The Linux Kernel uses GPLv2 as its licence.  GPLv2 is solely a copyright licence and has nothing really to say about patents, except that if you assert against the project, you lose your right to distribute under GPLv2.  This is what is termed an implied patent licence, but it means that the DCO signoff for GPLv2 only concerns copyrights.  However, there are many open source licences (like Apache-2 or GPLv3) which require explicit patent grants as well as copyright ones, so can the DCO give all the necessary rights, including patent ones, to make the contribution on behalf of the corporation?  The common sense answer, which is if the developer is accepted as an agent for copyright, they should also be an agent for patent grants, isn’t as universally accepted as you might think.

The OpenStack problem

OpenStack has been trying for years to drop its complex contributor licence infrastructure in favour of a simple DCO attestation.  Most recently, the Technical Committee made that request of the board in 2014 and it was finally granted in a limited fashion on November 2015.  The recommendation of the OpenStack counsel was accepted and the DCO was adopted for individuals only, keeping the contributor licence agreements for corporations.  The given reason for this is that the corporate members of OpenStack want more assurance that corporations are correctly granting their patents in their contributions than they believe the DCO gives (conversely, individuals aren’t expected to have any patents, so, for them, the DCO applies just fine since it’s effectively only a copyright attestation they’re giving).

Why are Patents such an Issue?

Or why do lots of people think developers aren’t agents for patents in contributions unlike for copyrights?  The essential argument (as shown here) is that corporations as a matter of practise, do not allow developers (or anyone else except specific title holders) to be agents for patent transactions and thus there should not be an expectation, even when they make a DCO attestation using a corporate email signoff, that they are.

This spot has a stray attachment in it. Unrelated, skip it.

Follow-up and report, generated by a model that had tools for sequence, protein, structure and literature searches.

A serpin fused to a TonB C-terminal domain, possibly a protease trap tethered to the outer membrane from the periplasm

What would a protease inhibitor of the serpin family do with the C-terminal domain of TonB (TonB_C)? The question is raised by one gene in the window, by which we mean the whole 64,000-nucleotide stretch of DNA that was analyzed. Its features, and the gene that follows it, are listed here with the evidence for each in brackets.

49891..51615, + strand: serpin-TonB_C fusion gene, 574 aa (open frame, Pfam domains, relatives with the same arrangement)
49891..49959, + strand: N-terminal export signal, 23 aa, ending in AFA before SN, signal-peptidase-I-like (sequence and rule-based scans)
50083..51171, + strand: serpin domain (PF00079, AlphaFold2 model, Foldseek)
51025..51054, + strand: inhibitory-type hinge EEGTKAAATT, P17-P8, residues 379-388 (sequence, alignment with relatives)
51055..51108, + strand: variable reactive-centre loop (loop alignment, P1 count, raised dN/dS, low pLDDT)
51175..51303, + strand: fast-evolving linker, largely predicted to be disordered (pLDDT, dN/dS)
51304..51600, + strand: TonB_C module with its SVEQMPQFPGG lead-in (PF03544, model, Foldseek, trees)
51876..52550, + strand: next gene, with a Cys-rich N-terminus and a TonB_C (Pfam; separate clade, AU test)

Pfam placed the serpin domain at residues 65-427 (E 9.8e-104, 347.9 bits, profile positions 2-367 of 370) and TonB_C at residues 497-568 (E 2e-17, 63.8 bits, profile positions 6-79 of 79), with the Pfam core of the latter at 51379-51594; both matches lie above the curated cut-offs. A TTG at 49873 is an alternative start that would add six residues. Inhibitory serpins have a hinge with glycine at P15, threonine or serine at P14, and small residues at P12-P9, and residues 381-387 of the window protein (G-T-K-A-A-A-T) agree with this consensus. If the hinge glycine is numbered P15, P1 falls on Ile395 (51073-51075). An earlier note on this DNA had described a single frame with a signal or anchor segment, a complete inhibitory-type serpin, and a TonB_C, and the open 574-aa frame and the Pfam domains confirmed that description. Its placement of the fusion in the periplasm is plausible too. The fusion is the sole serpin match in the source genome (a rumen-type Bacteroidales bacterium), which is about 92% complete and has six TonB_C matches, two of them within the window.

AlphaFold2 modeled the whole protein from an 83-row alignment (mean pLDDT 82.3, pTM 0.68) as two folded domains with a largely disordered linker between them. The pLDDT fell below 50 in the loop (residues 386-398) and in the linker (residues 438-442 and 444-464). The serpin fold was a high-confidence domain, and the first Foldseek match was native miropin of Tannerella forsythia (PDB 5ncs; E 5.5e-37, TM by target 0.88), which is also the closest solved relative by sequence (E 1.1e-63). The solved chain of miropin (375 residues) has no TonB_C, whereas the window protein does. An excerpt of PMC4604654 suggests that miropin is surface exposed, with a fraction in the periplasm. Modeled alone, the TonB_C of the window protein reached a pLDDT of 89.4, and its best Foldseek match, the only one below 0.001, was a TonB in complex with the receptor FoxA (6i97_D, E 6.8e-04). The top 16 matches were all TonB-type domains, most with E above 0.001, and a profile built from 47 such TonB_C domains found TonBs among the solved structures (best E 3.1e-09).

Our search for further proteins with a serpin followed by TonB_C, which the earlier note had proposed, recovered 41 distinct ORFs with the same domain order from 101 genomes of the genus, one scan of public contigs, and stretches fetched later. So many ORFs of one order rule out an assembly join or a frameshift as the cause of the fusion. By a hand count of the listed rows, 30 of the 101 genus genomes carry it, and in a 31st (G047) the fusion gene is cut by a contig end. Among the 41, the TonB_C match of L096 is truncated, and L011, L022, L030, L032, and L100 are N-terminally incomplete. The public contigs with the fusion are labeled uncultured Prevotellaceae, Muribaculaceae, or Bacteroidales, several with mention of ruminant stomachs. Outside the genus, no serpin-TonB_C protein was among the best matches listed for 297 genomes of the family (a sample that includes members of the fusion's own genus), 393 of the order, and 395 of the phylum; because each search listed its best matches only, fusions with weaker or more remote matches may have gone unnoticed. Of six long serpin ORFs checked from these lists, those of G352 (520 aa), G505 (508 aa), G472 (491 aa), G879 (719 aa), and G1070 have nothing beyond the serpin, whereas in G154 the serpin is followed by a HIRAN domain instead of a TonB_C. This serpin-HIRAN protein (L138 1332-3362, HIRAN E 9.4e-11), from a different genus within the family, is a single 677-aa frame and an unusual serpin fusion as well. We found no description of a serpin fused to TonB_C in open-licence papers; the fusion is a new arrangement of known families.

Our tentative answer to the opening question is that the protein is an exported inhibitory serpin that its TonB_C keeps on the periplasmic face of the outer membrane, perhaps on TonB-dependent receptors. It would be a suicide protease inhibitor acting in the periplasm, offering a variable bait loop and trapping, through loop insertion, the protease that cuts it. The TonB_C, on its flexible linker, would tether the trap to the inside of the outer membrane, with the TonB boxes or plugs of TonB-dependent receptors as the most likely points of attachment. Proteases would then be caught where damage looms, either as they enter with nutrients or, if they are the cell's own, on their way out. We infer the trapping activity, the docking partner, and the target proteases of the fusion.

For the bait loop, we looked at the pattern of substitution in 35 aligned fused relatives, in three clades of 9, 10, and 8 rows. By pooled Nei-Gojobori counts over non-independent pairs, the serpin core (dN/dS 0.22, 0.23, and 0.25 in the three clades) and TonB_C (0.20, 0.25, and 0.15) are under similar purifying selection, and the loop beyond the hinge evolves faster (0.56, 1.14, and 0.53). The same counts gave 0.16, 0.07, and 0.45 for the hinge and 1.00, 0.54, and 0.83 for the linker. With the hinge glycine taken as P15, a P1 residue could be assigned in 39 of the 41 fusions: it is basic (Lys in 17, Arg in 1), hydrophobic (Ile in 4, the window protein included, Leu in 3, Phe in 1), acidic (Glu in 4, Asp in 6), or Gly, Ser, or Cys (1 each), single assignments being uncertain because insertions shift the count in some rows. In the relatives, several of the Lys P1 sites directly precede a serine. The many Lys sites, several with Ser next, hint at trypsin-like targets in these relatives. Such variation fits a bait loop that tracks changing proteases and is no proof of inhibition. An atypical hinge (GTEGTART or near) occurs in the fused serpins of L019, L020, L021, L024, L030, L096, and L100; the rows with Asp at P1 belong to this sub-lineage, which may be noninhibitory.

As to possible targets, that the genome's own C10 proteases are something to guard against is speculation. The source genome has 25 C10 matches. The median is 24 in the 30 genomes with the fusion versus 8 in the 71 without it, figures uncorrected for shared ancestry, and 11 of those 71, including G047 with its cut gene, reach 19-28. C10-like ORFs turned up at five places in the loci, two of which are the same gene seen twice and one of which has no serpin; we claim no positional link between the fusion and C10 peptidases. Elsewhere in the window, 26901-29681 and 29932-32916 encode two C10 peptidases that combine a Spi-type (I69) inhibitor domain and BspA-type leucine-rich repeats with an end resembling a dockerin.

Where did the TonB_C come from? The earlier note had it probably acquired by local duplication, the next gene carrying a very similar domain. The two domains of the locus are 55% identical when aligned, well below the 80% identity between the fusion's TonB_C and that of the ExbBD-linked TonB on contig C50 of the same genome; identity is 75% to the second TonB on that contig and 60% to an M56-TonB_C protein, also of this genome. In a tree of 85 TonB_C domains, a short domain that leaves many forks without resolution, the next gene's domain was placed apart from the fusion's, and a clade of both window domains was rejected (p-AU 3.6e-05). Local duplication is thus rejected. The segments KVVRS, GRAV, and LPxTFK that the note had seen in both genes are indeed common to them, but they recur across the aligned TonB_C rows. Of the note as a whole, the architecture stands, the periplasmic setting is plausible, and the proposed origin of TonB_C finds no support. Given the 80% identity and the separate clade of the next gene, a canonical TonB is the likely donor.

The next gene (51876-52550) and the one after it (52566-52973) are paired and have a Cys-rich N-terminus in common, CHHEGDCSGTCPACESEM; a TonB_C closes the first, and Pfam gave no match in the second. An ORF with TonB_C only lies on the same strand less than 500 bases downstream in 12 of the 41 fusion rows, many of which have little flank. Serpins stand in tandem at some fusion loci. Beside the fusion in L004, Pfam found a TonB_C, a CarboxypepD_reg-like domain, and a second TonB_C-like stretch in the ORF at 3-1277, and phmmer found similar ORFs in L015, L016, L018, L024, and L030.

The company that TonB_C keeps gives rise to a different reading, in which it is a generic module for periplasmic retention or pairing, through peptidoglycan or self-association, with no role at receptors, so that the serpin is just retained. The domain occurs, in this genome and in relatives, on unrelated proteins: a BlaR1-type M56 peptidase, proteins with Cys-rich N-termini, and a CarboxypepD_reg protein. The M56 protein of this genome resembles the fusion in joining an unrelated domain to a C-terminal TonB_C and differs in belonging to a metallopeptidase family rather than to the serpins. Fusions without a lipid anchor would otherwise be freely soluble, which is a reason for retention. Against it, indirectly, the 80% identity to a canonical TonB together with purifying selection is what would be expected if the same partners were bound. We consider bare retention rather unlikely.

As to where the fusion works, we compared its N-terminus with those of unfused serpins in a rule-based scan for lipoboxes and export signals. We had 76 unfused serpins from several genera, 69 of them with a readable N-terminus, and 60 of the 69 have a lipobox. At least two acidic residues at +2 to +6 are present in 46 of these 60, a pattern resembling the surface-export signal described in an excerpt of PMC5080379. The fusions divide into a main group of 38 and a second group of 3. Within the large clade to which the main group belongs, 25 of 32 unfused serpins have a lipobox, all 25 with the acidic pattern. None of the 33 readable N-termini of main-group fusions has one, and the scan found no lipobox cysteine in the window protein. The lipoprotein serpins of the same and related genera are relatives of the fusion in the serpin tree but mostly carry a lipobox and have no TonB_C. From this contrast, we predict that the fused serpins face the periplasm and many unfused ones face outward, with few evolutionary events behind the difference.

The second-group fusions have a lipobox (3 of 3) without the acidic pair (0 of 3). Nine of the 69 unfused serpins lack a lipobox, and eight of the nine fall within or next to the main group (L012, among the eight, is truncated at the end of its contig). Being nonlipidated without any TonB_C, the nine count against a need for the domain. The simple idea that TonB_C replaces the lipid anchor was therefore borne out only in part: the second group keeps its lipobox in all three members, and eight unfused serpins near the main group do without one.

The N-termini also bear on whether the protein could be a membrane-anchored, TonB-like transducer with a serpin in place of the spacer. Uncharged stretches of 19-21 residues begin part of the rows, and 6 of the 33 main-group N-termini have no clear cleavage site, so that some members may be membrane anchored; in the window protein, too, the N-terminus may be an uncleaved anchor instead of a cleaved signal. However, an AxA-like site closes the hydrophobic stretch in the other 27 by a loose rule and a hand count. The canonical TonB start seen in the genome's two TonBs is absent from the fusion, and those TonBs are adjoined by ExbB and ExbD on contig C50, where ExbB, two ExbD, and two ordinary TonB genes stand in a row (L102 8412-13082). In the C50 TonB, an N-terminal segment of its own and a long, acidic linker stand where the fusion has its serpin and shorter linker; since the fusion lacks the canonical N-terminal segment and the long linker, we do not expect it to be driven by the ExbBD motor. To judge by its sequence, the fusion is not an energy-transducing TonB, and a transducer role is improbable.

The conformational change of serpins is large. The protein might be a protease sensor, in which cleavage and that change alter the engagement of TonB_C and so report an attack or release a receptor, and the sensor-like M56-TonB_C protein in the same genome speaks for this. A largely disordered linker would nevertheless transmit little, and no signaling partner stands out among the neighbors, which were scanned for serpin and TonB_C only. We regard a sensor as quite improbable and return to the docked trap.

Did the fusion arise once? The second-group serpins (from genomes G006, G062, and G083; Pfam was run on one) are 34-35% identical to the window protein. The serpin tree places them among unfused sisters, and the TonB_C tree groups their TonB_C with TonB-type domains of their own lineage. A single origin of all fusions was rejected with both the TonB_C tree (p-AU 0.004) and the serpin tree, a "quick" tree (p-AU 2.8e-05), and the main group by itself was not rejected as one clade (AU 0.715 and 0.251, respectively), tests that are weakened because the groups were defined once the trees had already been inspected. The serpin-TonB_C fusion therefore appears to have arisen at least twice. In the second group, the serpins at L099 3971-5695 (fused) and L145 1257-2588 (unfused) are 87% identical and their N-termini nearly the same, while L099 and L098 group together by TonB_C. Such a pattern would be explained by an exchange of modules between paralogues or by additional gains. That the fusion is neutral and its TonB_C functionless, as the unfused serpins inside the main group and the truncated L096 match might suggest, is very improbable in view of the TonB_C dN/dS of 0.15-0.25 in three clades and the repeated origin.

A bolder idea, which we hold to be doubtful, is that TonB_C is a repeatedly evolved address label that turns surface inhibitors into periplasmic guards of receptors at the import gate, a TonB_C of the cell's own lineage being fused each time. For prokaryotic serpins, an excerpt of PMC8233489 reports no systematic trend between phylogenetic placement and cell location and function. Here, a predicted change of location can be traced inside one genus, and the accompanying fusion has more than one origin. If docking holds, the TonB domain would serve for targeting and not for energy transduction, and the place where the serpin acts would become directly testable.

One way to look at this is that corporations have no choice but to make developers agents for the copyright because without that, the DCO attestation is false since the developers themselves has no rights to a work for hire piece of code.  However, some corporations think they can get away with not making developers agents for patents because the contribution and the licence do not require this to happen.  The theory here is that the developer is making an agency grant for the copyright, but an individual grant of the patents (and, since developers don’t usually own patents, that’s no grant at all).  Effectively this is a get out of jail free card for corporations to cheat on the patent requirements of the licence.

Does this interpretation really hold water?  Well, I don’t think so, because it’s deceptive.  It’s deliberately trying to evade the responsibilities for patents that the licences require.  Usually under the theory of agency, deceptive practises are barred.  However, the fear that a court might be induced to accept this viewpoint is sufficient to get the OpenStack board to require that corporations sign a CLA to ensure that patents are well and truly bound.  The problem with this viewpoint is that, if it becomes common enough, it ends up being de facto what the legal situation actually is (because the question courts most often ask in cases about agency is what would the average person think, so a practise that becomes standard in the industry ipso facto becomes what the average reasonable person would think).  Effectively therefore, the very act of OpenStack acting on its fear causes the thing they fear eventually to become true.  The only way to reverse this now is to change the current state of how the industry views patents and the DCO … and that will be the subject of another post.